Patriots

Butler never flips 'off' switch, even in locker-room games

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Butler never flips 'off' switch, even in locker-room games

FOXBORO -- Say this for Malcolm Butler: Since his rookie season he's proven time and again to be an utterly resilient player.

Go back to Super Bowl XLIX. He was beside himself on the sidelines after Jermaine Kearse somehow came up with an acrobatic grab on a pass he deflected in the fourth quarter. Moments later he was back on the field to make the play of life.

Against the Jets on Sunday, he had to make another -- albeit less dramatic -- turnaround.

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Early on, it wasn't pretty. He allowed a third-and-long conversion when he played well off of Robby Anderson during a first-quarter touchdown drive. He allowed 31-yard touchdown pass to Jeremy Kerley when he made a bad gamble to try to break up the throw.

Yet without Butler's interception at the end of the first half, and without his strip of Austin Seferian-Jenkins in the fourth quarter, the Patriots might be 3-3 headed into a Super Bowl rematch with the Falcons.

The competitive streak that Butler has exhibited to make game-changing moments regardless of what has happened earlier in the game is something that Bill Belichick has grown accustomed to.

"Since the first rookie minicamp," Belichick said. "He’s a very competitive player, whatever it is. Practice, games, trash ball in the locker room. Whatever it is. He’s a very competitive player."

Earlier this season, in Week 2 against the Saints, Butler was briefly demoted to the No. 3 cornerback role. After the fact, he was open about how he wasn't playing up to his own lofty standards. Since then, he's been the only regular for the Patriots at his position as Stephon Gilmore and Eric Rowe have dealt with injuries. 

It's been far from perfect, as moments like his breakdowns during the Jets game exhibited. But his aggressiveness rarely wanes. Even during down moments in the Patriots locker, apparently. 

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Cardinals reportedly choose Wilks; Flores a logical choice to replace Patricia

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Cardinals reportedly choose Wilks; Flores a logical choice to replace Patricia

The brain drain in New England after this season may not be quite as severe as it once looked like it might be.

According to ESPN, the Cardinals have chosen to hire Panthers assistant head coach and defensive coordinator Steve Wilks as their next head coach. That would mean that Patriots linebackers coach Brian Flores, a finalist for the job in Arizona, will shoot to the front of the line of candidates to succeed Matt Patricia as Patriots defensive coordinator. Patricia is expected to be named Lions head coach after Super Bowl LII.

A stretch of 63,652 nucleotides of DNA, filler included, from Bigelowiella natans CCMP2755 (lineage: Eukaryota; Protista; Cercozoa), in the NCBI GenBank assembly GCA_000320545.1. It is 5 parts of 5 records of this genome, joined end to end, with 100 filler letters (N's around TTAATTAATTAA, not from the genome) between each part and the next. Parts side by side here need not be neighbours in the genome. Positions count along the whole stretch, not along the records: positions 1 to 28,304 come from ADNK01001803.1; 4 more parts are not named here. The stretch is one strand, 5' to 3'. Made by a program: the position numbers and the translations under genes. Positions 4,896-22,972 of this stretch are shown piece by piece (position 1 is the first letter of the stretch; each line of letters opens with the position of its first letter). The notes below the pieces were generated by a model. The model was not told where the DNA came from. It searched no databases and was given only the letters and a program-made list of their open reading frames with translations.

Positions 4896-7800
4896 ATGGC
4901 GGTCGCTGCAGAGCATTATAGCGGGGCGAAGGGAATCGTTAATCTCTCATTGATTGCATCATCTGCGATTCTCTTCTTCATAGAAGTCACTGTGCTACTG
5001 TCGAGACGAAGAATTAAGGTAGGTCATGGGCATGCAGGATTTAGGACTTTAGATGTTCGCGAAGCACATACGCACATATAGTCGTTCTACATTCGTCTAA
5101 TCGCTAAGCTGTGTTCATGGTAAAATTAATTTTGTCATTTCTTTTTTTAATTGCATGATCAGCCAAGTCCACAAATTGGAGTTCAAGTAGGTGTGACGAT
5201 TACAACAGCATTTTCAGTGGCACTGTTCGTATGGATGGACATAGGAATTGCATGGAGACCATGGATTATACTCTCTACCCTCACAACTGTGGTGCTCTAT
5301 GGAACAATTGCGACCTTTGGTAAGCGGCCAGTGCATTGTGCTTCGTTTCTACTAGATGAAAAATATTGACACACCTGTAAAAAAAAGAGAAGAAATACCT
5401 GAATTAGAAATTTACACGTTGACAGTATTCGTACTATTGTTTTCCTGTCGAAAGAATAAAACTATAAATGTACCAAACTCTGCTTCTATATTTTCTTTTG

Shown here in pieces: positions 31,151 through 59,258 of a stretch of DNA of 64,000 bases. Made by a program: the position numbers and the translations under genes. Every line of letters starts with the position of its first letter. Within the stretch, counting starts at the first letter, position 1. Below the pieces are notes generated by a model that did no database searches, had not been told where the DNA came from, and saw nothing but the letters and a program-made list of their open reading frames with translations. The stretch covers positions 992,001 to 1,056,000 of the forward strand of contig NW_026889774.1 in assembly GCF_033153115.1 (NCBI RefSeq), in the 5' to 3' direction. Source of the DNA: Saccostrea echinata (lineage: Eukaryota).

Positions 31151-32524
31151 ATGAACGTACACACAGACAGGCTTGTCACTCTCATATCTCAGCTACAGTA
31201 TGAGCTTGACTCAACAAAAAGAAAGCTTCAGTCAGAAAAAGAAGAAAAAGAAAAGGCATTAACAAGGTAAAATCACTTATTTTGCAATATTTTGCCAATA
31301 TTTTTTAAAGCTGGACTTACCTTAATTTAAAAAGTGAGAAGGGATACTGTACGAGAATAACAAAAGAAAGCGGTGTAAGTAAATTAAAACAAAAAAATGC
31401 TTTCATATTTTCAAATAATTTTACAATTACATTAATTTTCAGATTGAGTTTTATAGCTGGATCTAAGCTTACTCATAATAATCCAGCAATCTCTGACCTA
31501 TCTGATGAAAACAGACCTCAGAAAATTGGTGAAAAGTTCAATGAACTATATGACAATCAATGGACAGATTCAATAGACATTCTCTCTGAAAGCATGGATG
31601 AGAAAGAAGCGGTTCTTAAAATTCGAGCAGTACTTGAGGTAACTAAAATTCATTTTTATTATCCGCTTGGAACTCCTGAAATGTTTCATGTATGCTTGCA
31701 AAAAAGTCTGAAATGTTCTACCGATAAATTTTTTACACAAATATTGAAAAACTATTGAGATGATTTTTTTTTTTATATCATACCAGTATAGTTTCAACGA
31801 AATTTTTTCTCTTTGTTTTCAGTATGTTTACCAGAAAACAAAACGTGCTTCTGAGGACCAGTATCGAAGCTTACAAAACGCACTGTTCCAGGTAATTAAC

For the Patriots, holding onto Flores would be a significant boost to their coaching staff in 2018.

The team is also expected to lose Josh McDaniels, who could be named head coach of the Colts after the season. Special teams coach Joe Judge is working on an expiring deal, per ESPN, and could be elsewhere next season as well. Then there's offensive line coach Dante Scarnecchia, who will be 70 later this month and could be interested in going back to the retirement life he enjoyed for two years in 2014 and 2015 before returning last season. 

Flores, 36, has been with the Patriots since 2004. He's served as a scouting assistant, a pro scout, a special teams assistant, a defensive assistant and safeties coach (2012-2015) before taking over linebacker duties. As our Mike Giardi wrote earlier this month, Flores is highly-respected by Patriots players and would make all kinds of sense as the team's next defensive coordinator.

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Patricia family enjoys the moment following final game at Gillette Stadium

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Patricia family enjoys the moment following final game at Gillette Stadium

Matt Patricia was on his back, laying in confetti, his son sitting alongside, soaking up the last few moments of the night. It was well after the Patriots had defeated the Jaguars to claim their shot at Super Bowl LII, and Patricia probably knew it was his last game at Gillette Stadium as Patriots defensive coordinator. 

Every week, in conference calls with reporters, Patricia adheres as strictly to the "on to fill-in-the-blank" as anyone. But on Sunday night, more than two hours after the game had ended, he was very much living in the now.  

"After the game had kind of settled down and everything," Patricia said Monday, "I had my son here at the game, he hasn't really been to a lot of games -- he's been to two -- so that was kind of his second game. He wanted to go play on the field. 

"We played a good game of touch football. He beat me 4-0. He kind of out-ran me there a little bit. He made some good plays on me, I couldn't catch him. Just fun to have him out there running around and just seeing the excitement that he had to be out on the field. Kind of a special little moment for myself and him and my wife."

Patricia is expected to be named the next coach of the Detroit Lions, which will mean a new city, a new chapter for his family after he spent the last 14 years in New England under Bill Belichick. Before that happens, he'll have one more game with the team that gave him his first job in pro football. And maybe a shot at a rematch with his son.

"He's pretty good," Patricia said. "I mean, he's pretty quick. I might have to try to get in better shape before that happens. We'll see. We'll see what happens. I might have to take the physical game to him."

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